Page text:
Platelet thrombus formation on collagen type I. A model of deep vessel injury. Influence of blood rheology, von Willebrand factor, and blood coagulation.
Collagen type I is a major component of atherosclerotic vessel wall that is exposed on deep vessel injury, such as in balloon angioplasty or plaque rupture. Collagen type I from pig Achilles tendon was mounted in a tubular perfusion chamber placed within an extracorporeal circuit (carotid artery to jugular vein). The material was exposed to blood from normal pigs (n = 13), severe homozygous von Willebrand factor (vWF)-deficient pigs (vWF less than 3%) (n = 6), and heterozygous vWF-deficient pigs (vWF = 24%) (n = 2). Thrombus formation was measured by autologous 111In-platelet labeling and by ultrastructural morphology. Heparinized and native blood from these pigs was perfused over the substrate for 3 and 5 minutes at local shear rates from 212 to 3,380/sec. On collagen type I exposed to nonanticoagulated blood, for all exposure times studied, thrombus formation in the absence of vWF was significantly reduced at high shear rate typical of stenotic areas but not at low shear rate typical of unobstructed medium-size arteries. A similar inhibition in thrombus formation due to vWF deficiency was observed in both heparinized and native blood; however, thrombus formation was significantly more reduced (p less than 0.05) in the presence of heparin, presumably due to the lack of stability of the accumulated platelets in the absence of fibrin formation. Intermediate levels of vWF, as in heterozygous von Willebrand's disease (vWD), support platelet deposition to extents not significantly different from normal conditions. Therefore, on collagen type I, both the activation of blood coagulation proteins and the presence of vWF contribute significantly to the platelet-platelet interactions necessary for thrombus formation. The effect of vWF occurs primarily at high shear conditions typical intravascularly of flow at the apex of advanced stenotic lesions; thus, these findings may suggest that the absence of vWF may be protective against the development of acute thrombosis in these regions.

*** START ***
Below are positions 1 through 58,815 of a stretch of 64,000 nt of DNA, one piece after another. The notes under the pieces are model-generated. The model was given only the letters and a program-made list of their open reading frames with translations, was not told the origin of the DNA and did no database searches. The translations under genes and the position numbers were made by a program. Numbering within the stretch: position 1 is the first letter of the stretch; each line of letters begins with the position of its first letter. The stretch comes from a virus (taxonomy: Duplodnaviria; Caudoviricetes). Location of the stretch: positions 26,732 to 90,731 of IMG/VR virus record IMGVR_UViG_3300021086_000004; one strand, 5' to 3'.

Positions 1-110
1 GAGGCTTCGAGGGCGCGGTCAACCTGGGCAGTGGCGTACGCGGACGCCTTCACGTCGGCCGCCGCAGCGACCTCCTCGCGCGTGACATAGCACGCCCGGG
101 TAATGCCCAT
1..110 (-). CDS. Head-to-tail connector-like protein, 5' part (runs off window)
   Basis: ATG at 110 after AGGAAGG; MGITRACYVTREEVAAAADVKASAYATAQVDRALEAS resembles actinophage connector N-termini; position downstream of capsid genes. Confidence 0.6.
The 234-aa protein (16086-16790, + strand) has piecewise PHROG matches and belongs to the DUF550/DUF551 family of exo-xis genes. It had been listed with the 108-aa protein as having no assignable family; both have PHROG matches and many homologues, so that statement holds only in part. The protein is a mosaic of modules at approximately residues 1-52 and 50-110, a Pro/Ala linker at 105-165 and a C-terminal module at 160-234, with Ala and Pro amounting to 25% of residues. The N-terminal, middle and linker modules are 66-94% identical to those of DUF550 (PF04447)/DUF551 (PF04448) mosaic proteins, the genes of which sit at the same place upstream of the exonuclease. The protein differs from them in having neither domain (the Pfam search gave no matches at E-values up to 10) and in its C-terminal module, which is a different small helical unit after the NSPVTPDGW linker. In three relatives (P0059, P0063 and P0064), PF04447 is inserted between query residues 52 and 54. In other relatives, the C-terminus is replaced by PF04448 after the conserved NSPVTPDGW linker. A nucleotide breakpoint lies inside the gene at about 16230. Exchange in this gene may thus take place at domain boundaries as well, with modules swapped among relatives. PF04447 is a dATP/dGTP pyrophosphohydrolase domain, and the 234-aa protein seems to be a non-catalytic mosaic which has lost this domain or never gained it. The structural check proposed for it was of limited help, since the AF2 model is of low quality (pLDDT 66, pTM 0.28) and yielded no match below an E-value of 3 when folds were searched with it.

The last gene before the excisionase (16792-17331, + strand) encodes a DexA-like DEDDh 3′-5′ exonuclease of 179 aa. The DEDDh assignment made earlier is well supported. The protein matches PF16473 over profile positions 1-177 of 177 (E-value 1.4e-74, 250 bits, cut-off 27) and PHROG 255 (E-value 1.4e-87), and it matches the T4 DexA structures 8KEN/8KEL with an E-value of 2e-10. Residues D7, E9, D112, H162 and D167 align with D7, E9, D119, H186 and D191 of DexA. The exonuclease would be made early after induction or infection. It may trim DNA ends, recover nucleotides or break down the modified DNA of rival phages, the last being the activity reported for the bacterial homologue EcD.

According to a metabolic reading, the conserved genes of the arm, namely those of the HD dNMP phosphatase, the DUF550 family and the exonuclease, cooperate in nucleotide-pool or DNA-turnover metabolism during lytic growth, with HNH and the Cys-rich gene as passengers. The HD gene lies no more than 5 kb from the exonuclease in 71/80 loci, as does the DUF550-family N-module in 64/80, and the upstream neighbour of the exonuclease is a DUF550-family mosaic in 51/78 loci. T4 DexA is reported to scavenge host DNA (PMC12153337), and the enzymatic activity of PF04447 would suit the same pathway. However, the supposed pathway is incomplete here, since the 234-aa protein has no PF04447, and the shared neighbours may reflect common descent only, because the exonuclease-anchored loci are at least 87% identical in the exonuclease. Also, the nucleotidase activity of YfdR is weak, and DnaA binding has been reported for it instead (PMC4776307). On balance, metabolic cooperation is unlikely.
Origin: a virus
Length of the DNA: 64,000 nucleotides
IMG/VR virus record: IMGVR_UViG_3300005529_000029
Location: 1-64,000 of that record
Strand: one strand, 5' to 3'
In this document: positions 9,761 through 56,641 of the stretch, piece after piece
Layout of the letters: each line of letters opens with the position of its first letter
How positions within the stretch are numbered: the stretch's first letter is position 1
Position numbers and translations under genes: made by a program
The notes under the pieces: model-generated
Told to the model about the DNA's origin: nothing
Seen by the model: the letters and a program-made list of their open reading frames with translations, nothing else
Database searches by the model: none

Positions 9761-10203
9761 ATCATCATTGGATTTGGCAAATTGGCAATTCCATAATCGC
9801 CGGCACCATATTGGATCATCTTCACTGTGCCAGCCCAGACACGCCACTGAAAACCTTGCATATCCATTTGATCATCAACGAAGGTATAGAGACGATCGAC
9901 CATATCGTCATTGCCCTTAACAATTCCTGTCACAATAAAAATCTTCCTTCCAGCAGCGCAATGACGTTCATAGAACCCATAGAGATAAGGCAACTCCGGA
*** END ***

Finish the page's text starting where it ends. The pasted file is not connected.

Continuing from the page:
- Copyright © 1988 by American Heart Association